Globally, weeds are a major constraint to crop production and food security. Research within the weed ecology and evolution group at Rothamsted is focused on understanding the ecological and evolutionary forces that underpin the establishment, persistence and spread of weedy (and invasive) plant populations in agro-ecosystems.
Weeds, along with pests and diseases, account for serious yield losses across the world. However, unlike pests and diseases, weeds also have a positive function in the agro-ecosystem as they provide a food source for animals and birds that use farmland as a habitat. Consequently, although herbicides have dramatically reduced crop yield losses from weed competition, they have also had unintended consequences for farmland biodiversity, depleting arable plant diversity and abundance.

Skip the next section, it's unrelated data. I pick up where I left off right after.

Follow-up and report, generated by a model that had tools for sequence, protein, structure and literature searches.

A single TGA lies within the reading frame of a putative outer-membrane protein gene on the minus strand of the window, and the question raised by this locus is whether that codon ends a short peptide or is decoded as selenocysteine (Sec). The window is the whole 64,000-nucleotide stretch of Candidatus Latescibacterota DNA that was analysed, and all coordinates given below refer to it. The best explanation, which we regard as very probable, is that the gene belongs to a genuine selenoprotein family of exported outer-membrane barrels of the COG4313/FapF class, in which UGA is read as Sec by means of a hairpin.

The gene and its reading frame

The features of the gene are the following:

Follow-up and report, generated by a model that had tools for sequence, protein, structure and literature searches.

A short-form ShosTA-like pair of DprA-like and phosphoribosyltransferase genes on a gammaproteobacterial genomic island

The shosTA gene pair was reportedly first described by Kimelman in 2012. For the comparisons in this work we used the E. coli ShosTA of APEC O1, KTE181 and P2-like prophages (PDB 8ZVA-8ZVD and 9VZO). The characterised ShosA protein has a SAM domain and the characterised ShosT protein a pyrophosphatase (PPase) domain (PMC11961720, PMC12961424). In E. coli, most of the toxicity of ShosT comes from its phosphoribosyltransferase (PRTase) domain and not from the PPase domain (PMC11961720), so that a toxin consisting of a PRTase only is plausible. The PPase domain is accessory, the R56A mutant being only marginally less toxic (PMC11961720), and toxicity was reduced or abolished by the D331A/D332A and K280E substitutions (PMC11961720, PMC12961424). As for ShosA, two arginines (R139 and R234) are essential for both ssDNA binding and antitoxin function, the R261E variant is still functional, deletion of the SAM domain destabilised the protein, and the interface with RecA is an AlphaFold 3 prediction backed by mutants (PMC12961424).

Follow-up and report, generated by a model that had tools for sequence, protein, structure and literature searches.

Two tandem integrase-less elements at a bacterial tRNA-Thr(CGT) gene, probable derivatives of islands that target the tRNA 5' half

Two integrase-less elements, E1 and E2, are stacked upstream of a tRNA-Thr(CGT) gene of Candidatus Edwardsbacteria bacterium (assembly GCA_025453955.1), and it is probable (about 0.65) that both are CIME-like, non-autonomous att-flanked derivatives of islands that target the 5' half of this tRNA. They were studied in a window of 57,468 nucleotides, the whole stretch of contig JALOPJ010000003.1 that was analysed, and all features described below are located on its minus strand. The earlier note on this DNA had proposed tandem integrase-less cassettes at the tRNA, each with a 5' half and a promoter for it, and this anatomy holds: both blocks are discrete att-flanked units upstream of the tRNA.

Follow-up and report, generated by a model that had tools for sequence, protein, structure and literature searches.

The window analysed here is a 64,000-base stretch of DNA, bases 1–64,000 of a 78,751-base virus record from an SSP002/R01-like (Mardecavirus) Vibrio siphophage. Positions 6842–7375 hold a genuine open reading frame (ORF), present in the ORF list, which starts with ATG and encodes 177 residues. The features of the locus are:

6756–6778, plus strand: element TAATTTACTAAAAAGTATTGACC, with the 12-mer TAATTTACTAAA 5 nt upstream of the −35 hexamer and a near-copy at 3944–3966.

Publications from the Weed Ecology Group
On Section 8 (‘No weedkiller’), about 50 species occur with black-grass and common poppy being the commonest weeds on most plots. However, for many other species, there are striking differences in frequency between plots due to ecological adaptation to N availability. Section 8 also provides an invaluable reserve for several species that are rare, or declining, nationally. These include corn buttercup, shepherd’s needle and fine-leaved sandwort. Broadbalk is also the only site in the UK where corn cleavers has been recorded in recent years.
Currently within the Weed Ecology and Evolution group we have two PhD projects.
The rapid evolution of resistance to herbicides is a textbook example of ‘evolution-in-action’. Currently, in the UK, there is an epidemic of multiple herbicide resistant Alopecurus myosuroides (black-grass), that can no longer be controlled by conventional weed management strategies. Much of the work within the herbicide resistance group at Rothamsted is focused on multiple herbicide resistance in black-grass.